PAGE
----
Nothing stops Tupac Shakur and Slick Rick -- Rappers won't let jailtime slow them down

By Robert Seidenberg
Updated December 16, 1994 at 05:00 AM EST

If you’re shot five times in an apparent robbery attempt in Times Square one day, then convicted of sexual-abuse charges the next, what effect does that have on your career? In the case of Tupac Shakur, neither event may be a bad career move. The 23-year-old ”gangsta” rapper-actor faces up to seven years in jail, but whether or not he does time, 1995 will be a big year. His third album, originally called Crucified, is nearly completed, and he’ll costar in a new movie — ironically titled Bullet — with buddy Mickey Rourke, who showed up at his trial to lend support. Shakur will also contribute to the film’s soundtrack album, according to producer John Flock, ”assuming he is (a) healthy and (b) not incarcerated.” Rapper Doug E. Fresh is one of the few who see last week’s events catching up with Shakur at some point. ”Now the music industry and movie industry will take (Shakur’s) rebel image and exploit it more, and unfortunately he won’t be able to expand and grow. He’ll be limited to bad-boy roles.”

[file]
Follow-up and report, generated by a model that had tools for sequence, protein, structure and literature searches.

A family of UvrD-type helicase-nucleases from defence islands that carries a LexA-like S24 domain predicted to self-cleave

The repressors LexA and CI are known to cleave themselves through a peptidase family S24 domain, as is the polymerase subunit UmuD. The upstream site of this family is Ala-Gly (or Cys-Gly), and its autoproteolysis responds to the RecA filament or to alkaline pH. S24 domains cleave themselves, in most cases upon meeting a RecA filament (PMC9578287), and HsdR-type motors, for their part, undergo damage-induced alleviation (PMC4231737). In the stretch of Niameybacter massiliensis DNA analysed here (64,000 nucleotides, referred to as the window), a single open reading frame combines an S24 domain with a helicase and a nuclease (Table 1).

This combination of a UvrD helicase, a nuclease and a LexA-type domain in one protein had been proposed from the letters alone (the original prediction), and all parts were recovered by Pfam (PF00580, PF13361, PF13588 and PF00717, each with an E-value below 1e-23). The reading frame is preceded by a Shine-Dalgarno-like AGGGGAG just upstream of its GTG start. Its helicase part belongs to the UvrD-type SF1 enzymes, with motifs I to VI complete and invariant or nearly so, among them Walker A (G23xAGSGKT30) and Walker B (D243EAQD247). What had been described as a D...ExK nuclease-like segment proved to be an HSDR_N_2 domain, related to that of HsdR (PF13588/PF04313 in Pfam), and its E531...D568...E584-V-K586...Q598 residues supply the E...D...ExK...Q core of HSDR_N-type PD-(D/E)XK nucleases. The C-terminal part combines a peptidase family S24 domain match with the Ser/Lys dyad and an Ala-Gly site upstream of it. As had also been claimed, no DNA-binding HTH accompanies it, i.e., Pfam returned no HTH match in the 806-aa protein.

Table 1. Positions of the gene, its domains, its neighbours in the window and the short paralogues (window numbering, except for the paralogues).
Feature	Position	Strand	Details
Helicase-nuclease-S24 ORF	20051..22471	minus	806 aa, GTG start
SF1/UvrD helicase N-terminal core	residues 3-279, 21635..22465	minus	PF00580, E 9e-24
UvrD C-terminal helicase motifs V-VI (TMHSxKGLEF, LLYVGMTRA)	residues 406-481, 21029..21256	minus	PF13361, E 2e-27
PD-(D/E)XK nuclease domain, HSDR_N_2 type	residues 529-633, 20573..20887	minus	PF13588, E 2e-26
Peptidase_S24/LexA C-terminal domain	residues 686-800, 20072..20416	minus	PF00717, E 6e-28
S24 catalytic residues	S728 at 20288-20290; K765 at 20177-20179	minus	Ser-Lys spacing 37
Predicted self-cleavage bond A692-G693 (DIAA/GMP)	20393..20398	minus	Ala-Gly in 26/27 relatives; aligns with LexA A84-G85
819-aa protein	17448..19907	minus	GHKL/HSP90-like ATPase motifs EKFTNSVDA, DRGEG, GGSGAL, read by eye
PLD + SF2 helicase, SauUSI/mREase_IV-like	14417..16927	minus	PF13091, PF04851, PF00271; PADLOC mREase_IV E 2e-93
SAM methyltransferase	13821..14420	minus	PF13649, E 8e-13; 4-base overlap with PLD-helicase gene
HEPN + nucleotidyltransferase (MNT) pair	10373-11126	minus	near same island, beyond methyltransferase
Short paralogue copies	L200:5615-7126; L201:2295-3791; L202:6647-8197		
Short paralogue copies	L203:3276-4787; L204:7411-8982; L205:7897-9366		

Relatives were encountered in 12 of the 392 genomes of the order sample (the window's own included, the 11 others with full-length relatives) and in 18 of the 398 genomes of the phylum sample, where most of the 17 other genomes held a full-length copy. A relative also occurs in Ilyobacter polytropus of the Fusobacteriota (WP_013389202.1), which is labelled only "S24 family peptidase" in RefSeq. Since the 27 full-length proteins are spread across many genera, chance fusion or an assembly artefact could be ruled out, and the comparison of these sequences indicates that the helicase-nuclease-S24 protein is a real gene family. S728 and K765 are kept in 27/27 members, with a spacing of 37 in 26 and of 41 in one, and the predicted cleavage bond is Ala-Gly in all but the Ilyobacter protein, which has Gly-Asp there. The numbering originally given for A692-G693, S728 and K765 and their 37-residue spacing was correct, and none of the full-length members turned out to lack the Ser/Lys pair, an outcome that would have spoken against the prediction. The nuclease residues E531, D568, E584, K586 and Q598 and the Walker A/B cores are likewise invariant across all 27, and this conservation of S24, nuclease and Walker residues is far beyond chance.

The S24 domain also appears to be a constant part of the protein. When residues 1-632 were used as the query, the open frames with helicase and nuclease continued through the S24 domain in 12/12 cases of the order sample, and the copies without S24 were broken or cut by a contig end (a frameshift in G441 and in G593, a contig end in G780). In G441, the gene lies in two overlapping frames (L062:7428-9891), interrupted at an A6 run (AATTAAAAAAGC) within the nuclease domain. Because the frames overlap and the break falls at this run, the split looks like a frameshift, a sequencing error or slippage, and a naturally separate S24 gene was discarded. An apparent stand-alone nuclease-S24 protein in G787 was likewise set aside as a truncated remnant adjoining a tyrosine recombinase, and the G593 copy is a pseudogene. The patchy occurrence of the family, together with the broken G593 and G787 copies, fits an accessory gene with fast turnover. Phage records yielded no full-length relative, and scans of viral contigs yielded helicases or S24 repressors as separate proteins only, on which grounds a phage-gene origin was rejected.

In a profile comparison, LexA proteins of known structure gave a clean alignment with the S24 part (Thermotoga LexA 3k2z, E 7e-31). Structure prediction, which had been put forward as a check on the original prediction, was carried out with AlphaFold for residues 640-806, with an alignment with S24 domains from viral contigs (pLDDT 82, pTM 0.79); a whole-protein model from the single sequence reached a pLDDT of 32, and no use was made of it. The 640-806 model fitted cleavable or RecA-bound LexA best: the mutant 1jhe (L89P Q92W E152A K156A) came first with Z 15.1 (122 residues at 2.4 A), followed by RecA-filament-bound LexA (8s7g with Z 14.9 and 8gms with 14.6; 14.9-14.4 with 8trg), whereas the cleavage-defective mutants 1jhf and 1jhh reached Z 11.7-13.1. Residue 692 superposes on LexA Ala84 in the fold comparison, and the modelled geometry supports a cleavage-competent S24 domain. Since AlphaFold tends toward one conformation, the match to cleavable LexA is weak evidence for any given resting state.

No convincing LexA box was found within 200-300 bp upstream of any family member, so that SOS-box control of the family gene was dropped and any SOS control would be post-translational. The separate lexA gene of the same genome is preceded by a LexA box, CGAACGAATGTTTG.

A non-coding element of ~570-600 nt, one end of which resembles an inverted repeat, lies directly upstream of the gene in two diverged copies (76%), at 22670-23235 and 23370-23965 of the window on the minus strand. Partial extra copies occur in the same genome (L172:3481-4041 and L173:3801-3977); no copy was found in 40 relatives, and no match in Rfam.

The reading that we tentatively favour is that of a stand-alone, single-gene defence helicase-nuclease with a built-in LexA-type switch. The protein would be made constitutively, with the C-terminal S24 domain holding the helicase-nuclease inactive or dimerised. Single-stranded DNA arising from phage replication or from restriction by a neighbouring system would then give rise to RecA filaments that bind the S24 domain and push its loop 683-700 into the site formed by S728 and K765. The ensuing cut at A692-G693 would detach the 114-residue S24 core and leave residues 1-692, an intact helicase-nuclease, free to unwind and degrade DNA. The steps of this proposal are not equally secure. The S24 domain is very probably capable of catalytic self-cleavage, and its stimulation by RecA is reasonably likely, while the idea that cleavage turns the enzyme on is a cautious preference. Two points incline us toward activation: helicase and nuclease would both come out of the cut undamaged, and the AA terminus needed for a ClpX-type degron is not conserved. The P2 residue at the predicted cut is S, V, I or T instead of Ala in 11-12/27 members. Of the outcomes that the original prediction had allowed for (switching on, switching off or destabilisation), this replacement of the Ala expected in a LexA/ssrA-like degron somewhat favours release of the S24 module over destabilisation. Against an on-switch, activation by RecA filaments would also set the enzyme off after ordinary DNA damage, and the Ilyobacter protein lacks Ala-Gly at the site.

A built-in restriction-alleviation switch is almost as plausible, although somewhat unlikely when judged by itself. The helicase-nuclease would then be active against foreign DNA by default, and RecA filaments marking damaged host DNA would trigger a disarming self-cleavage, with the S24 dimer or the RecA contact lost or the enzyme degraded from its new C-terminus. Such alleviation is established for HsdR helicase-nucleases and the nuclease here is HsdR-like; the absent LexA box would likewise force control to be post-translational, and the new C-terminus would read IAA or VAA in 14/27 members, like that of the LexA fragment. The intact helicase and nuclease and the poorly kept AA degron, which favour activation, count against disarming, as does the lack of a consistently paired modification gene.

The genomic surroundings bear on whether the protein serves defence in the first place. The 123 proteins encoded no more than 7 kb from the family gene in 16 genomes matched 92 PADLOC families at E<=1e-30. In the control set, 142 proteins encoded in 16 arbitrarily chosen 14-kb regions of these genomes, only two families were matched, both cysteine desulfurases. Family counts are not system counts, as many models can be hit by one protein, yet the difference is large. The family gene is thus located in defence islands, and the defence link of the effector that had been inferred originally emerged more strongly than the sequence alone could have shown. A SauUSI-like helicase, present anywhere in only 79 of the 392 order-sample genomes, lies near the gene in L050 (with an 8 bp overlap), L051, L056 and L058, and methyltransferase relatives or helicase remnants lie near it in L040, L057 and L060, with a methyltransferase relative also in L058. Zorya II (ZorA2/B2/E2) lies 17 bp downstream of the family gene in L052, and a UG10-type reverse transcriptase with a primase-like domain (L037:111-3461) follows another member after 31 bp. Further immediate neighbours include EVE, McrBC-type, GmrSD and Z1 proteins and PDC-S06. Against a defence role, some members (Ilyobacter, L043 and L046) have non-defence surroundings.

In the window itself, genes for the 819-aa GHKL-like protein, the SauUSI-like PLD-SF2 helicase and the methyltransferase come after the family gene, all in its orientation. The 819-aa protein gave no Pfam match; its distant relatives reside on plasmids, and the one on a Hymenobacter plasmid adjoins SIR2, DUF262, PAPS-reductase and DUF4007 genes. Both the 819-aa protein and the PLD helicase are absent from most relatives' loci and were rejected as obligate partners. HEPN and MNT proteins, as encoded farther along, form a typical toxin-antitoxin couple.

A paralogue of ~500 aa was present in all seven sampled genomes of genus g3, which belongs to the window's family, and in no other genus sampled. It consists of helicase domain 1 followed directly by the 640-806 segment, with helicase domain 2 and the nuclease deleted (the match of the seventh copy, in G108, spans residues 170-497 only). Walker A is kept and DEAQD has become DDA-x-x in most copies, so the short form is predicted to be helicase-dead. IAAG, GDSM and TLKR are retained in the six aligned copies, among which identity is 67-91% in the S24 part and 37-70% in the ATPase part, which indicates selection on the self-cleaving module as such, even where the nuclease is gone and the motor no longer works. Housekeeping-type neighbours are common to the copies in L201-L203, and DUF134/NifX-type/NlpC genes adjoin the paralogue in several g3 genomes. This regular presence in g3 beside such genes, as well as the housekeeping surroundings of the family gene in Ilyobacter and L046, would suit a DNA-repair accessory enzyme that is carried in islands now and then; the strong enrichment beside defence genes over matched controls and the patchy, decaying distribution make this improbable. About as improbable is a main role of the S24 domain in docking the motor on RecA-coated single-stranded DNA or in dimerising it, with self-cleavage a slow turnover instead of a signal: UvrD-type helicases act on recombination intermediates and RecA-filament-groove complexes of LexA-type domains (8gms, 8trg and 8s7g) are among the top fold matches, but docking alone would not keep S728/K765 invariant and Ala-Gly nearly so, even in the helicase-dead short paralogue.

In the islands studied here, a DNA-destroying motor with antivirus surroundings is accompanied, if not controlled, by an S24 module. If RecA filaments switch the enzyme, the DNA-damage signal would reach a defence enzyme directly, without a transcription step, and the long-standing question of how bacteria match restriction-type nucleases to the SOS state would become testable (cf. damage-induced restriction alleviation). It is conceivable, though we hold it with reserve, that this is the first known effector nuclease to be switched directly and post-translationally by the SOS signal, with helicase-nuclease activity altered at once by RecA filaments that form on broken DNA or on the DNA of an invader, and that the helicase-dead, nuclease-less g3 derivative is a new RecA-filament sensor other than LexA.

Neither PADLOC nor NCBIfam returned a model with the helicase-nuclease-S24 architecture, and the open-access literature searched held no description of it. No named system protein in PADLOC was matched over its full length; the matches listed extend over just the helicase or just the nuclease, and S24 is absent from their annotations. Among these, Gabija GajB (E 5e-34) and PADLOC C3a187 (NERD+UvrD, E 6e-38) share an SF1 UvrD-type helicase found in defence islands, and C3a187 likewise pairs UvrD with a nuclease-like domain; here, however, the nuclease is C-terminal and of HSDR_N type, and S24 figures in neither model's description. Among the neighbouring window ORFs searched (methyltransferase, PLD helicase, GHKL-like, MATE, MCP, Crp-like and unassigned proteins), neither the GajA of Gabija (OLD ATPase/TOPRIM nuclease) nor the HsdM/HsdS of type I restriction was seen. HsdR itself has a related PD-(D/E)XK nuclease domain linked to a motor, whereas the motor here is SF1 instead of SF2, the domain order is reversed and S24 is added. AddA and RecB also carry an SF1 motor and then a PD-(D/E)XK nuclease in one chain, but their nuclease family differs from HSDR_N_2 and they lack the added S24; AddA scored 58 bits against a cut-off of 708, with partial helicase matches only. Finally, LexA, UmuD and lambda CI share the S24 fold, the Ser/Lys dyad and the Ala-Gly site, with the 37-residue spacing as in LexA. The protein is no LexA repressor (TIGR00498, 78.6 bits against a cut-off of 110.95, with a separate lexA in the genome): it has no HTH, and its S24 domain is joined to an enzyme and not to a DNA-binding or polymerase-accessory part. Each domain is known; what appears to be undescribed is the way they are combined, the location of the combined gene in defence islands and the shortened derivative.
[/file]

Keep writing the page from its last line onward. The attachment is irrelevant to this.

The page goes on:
Which raises a larger question: Should music labels intervene when they see an artist self-destructing? ”Performers like Tupac pinpoint issues that need to be dealt with,” suggests music-business attorney Cliff Brown, ”and because labels are making money off of (the artists), they have a moral and social responsibility to help.” Perhaps, but as veteran rapper Sir Mix-a-Lot says, ”You can lead a horse to water, but you can’t make him drink. I’m 31. So if I’m talking to a kid 23, he thinks he knows it all, just like I did when I was 23.”

And why should he listen? Many believe Shakur’s recent headlines will only add to his street credibility. ”For him to check out of the hospital early to show up for his trial takes a lot of heart and courage,” marvels fan Sheldon Pearce, 16, of Glendale, Calif. Says a source at PolyGram: ”The whole prison-poet thing is very cool to kids. These type of rappers are deified by the kids; they’re like modern superheroes.” PolyGram should know: On Nov. 22, the label released the latest album by convicted rapper Slick Rick, who is currently serving time for attempted murder, and sold 402,160 copies in two weeks. (Additional reporting by Havelock Nelson and Dan Snierson)